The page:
It all began two or three years after I moved to the UK when I realised that I was living here in contradiction to my host country and not in harmony with it: (my) life was a cultural fight. It was frustrating. At some point, I decided to change the paradigm, embrace Britishness, stop fighting it and learn the culture of the country where I happily live. That journey of learning and embracing the Britishness included, unavoidably, British biscuits.
Biscuits are the British culture. The Oxford dictionary offers 4 definitions for the word biscuit:
1 — (British) A small baked unleavened cake, typically crisp, flat, and sweet.
1.1 — (North American) A small, soft round cake like a scone.
2 — Porcelain or other pottery which has been fired but not glazed.
3 — A light brown colour.
4 — A small flat piece of wood used to join two larger pieces of wood together, fitting into slots in each.
We only care about the first one, because a biscuit, no matter what the North Americans say, is not a cake.
The disambiguation page on Wikipedia offers a wider meaning for the word biscuit. What seems simple in appearance, just a baked
cake biscuit, begins to unfold as a complex character, and as an essential element in the British-being. It is not part of the culture, it is the culture. Biscuits and British, I’ve discovered, are one to each other. And of course, nothing can be British enough if it doesn’t have a good piece of lettering stamped on it. Two disciplines become one: the lettering-biscuits.
Biscuits can create a national debate. The debate around Jaffa Cake has the country divided. Is it a cake or a biscuit? The Oxford Dictionary makes it very clear: “A sponge biscuit with an orange-flavoured jelly and chocolate topping.” But is it that simple? Well, the problem is taxes: biscuits covered with a chocolate layer pay an extra tax. So, rephrasing the question, should the Jaffa Cake pay taxes? The answer is no, it is a cake, not a biscuit. [More on this: 1, 2, 3, 4].
Biscuits can cause a national crisis. In the last few years England has suffered all kinds of food shortage: the rationing of broccoli and lettuce in 2017, the recent beer and fizzy drinks shortage due the lack of CO2 during the heat wave and the football world cup, an almost crumpet crisis for the same reason, but nothing has been as devastating as the biscuits shortage of 2017. After a huge flood in Carlisle, one of the largest biscuit producers could not continue making ginger biscuits, Bourbons and other biscuits fundamental for British life. For three months it was national devastation. The crisis was only slightly alleviated when two Boeing 777 filled with biscuits were flown from the Emirates to Doncaster Sheffield Airport also known as the Robin Hood Doncaster Airport (free pun!).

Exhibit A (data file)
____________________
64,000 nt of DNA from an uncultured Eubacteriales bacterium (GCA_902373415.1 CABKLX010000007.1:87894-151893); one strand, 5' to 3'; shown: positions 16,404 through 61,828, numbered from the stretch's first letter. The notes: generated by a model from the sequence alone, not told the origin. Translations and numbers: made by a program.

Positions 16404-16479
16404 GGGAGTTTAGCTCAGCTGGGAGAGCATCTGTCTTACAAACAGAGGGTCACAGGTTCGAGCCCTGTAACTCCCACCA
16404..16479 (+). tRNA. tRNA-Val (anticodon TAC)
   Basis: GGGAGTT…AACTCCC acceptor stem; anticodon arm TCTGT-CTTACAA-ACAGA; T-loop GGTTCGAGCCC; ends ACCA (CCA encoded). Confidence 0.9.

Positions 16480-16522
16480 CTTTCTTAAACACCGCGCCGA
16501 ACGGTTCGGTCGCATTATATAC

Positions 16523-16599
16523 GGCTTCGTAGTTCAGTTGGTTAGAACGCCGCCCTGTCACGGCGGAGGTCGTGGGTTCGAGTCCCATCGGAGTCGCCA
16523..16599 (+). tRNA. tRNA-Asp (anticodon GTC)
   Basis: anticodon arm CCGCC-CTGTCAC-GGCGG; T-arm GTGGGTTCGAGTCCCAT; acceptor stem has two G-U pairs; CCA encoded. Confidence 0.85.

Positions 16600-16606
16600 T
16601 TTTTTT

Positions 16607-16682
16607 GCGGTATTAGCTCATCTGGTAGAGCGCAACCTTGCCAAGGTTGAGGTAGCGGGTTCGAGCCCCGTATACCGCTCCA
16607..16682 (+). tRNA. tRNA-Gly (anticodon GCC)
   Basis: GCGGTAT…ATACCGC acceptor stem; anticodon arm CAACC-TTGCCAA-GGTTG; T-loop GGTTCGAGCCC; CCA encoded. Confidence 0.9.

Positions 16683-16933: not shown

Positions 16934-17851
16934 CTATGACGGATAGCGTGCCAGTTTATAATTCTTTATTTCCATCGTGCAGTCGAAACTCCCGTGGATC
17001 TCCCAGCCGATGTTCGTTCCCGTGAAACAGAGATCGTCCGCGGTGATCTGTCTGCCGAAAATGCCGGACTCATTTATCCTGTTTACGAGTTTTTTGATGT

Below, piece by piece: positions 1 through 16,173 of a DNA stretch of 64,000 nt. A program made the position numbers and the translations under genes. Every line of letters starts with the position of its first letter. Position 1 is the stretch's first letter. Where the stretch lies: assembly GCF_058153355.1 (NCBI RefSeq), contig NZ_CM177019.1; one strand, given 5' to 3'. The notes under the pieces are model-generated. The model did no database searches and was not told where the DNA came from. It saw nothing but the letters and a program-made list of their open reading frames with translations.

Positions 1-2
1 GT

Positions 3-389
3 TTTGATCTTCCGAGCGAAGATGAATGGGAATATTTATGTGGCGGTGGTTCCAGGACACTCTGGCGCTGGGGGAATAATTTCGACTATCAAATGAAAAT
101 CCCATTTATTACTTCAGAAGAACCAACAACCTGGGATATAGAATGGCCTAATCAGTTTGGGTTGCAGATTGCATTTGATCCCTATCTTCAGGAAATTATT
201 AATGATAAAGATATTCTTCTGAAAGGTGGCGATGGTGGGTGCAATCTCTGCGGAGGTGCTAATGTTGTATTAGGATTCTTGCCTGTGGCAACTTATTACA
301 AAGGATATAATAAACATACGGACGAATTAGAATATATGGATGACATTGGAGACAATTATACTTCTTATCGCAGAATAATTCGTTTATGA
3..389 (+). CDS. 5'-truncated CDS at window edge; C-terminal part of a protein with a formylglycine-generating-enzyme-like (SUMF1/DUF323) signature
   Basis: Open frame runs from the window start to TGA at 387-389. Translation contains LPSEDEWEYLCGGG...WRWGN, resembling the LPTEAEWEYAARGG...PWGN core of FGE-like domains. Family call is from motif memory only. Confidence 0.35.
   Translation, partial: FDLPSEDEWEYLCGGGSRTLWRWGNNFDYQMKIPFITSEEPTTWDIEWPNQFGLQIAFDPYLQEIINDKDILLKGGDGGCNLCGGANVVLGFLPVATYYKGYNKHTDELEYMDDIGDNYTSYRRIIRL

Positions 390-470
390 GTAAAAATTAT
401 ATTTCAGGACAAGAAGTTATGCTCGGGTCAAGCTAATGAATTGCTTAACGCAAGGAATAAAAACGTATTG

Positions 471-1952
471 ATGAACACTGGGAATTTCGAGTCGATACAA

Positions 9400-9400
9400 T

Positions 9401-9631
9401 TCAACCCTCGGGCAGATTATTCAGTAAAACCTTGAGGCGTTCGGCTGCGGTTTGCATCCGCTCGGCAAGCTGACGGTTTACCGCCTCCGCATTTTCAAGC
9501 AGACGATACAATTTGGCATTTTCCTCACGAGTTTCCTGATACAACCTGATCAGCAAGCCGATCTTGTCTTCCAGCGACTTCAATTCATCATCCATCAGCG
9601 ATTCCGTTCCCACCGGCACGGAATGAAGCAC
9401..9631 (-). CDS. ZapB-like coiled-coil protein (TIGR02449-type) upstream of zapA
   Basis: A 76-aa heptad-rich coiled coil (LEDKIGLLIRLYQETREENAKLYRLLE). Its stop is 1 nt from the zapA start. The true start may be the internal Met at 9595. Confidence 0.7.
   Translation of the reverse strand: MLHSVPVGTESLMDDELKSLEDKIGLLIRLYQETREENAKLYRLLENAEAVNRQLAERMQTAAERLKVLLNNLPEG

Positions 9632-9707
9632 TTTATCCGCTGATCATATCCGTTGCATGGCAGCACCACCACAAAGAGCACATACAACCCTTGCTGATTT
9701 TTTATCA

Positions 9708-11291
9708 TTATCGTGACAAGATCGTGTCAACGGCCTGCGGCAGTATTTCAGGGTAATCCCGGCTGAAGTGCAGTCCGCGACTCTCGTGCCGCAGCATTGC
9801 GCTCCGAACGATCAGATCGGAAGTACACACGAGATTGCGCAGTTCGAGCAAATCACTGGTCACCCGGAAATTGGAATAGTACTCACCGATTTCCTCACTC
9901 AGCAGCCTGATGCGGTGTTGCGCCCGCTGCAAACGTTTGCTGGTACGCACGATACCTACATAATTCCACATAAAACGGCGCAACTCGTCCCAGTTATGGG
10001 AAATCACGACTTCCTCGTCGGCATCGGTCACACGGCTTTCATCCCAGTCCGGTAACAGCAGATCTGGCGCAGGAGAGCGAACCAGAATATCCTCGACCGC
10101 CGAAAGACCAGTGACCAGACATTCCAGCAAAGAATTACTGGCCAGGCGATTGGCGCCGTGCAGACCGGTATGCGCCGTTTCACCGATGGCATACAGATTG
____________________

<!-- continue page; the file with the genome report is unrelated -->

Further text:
Biscuits are on the BBC. The TV program Inside the factory devoted one episode (series 3, episode 3) to the world of biscuits. The documentary shows the embossing of biscuits with a moulding roller made of bronze that weighs 400 kg and costs around up to £5000. The process of engraving each biscuit on the roller is absolutely mesmerising. Once the roller is working on the biscuit machine it will cut the biscuit and stamp the lettering at the same time. But why add ornaments and lettering to the biscuits in the first place? And when did it start? And who was behind the designs? Nicola Twilley answered some of these questions in her article ‘The Unsung Heroes of Biscuit Embossing’. The reasons for the decoration seemed to be ‘both pragmatic and decorative. The practice of punching holes in biscuits is known as “docking,” and has been done by bakers for centuries in order to prevent uneven puffiness and promote flat crispness.’ In addition to those two reasons, we could probably add branding, intentional or not. Automated production lines appeared by the turn of the 19th century in parallel to the development of advertising, packaging and early corporate identity. The birth of the industrial biscuit, I am still quoting Nicola Twilley, allowed ‘the marriage of these two morphologies — docking and decorating’. Initially, that decoration and the lettering might have been a form to recognize the biscuits and the maker but over time they have become iconic to brands like Digestive or Oreo. Regarding the last question, who designed the biscuits, it seems that no one cared much about authorship. But both the NY Times article and the BBC program mention a similar profile: a design engineer.
Jump to the minute 26:52 for the beginning of the roller explanation and to the minute 29:35 for a mini interview with Alang Long from All Rollers and check out how the rollers are engraved.
Foreign biscuits also have lettering. And not only the Marie biscuit which is available in many countries (also a British invention by the way). The Spanish lettering biscuit scene is a wasteland compared to the French one, as I could verify during the conference ‘Everyday Reading Type for phonebooks, dictionaries, ebooks’ in Amiens. But here we are talking British, not alien!